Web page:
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Another Hancock-up? UK health secretary appears in piece about controversial GP app

Critics slam 'conflict of interest', cosying up to tech firms

Health secretary Matt Hancock should focus on scrutinising health tech firms rather than endorsing them, after he appeared in an article about Babylon Health, maker of the controversial GP at Hand app.

That's the general consensus about a piece that appeared in last night's London Evening Standard under the title "Technology can be a great fixer for the NHS" and "in association with Babylon". It saw Hancock appear next to a list of apps he – or his PR handlers – claim he uses.

Of course, Babylon makes the list. The app also gets a namecheck in the puff piece: "'I've become known for using this GP at Hand app,' he chuckles… 'We should embrace technology that helps patient outcomes'."

The former Minister of Fun has drawn criticism for his apparently cosy relationship with Babylon before, endorsing it almost as soon as he took on the role leading government decision-making on the UK's health service.

But his appearance on a double-page spread running next to Babylon's branding has raised more than a few eyebrows.

"It's difficult to know which element of this to take issue with," said data scientist Maxine Mackintosh on Twitter.

Palliative care doctor Rachel Clarke echoed this sentiment. "Perhaps the concept of conflict of interest is too old fashioned to interest him. But in medicine, it's crucial. What on earth is he thinking?"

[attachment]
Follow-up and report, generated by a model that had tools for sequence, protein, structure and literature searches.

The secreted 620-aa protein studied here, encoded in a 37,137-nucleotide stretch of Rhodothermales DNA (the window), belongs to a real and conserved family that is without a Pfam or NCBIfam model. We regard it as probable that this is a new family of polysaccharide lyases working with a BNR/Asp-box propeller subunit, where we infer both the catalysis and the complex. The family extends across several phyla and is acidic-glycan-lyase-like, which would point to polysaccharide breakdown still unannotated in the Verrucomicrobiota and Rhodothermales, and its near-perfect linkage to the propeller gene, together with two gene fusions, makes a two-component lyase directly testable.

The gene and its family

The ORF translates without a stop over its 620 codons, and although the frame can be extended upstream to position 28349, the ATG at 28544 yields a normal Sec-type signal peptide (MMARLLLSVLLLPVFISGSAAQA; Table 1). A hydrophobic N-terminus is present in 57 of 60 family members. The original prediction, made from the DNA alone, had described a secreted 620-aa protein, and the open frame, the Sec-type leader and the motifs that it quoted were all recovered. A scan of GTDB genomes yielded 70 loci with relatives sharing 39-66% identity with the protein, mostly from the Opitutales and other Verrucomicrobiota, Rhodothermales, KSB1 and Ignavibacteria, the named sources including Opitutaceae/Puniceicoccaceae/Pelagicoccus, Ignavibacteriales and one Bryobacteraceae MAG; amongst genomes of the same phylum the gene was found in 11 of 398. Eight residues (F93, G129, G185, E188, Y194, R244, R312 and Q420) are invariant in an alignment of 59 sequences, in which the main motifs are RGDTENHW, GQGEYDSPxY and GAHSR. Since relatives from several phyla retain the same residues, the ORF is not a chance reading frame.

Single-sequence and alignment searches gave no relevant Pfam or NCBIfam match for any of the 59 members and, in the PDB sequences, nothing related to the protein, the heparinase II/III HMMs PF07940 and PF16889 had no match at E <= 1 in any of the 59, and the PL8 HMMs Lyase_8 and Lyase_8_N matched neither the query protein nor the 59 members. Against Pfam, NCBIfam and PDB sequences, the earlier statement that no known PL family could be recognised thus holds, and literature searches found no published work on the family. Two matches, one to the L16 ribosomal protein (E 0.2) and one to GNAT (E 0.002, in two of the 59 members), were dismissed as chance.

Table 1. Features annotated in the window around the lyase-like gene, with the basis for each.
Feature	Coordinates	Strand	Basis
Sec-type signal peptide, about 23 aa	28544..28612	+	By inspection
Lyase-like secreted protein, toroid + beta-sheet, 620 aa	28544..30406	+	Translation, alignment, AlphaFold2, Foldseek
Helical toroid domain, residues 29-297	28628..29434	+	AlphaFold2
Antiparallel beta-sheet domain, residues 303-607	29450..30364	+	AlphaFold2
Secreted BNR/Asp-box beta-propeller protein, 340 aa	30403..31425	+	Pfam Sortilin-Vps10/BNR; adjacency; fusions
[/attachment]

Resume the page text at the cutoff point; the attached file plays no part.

Hancock's department has claimed it didn't know Babylon's branding would be all over the article – but the health secretary still trumpets the biz, a decision which at best is tone-deaf – and has led to criticism from the people he is supposed to be representing.

Just last week GP leaders said they couldn't have confidence in Hancock as health secretary if he continued to endorse the app.

Although that group does have something of a vested interest – the app is aimed squarely at their business – there are real concerns among doctors that the app gets diagnoses wrong.

In July, a set of safety restrictions were imposed (PDF) on the app by clinical commissioners due to patient safety concerns as Babylon tried to expand to Birmingham.

These have now been lifted – but an article published in The Lancet this month concluded of Babylon's tech that "further clinical evaluation is necessary to ensure confidence in patient safety".

The paper questioned Babylon's claims that its Diagnostic and Triage System had outperformed the average human doctor on a particular type of GP exam. Rather, it found the data used was entered by doctors, not patients, and that no statistical significance testing had been carried out.

Meanwhile, the ASA last month upheld complaints about ads for the GP at Hand app, saying it wasn't clear patients had to leave their current GP or that it was only available in certain areas.

Amid such controversies, one might hope the politician at the heart of health policy would hold back on glowing endorsements based purely on personal experience. As the old adage goes, the plural of anecdotes is not data.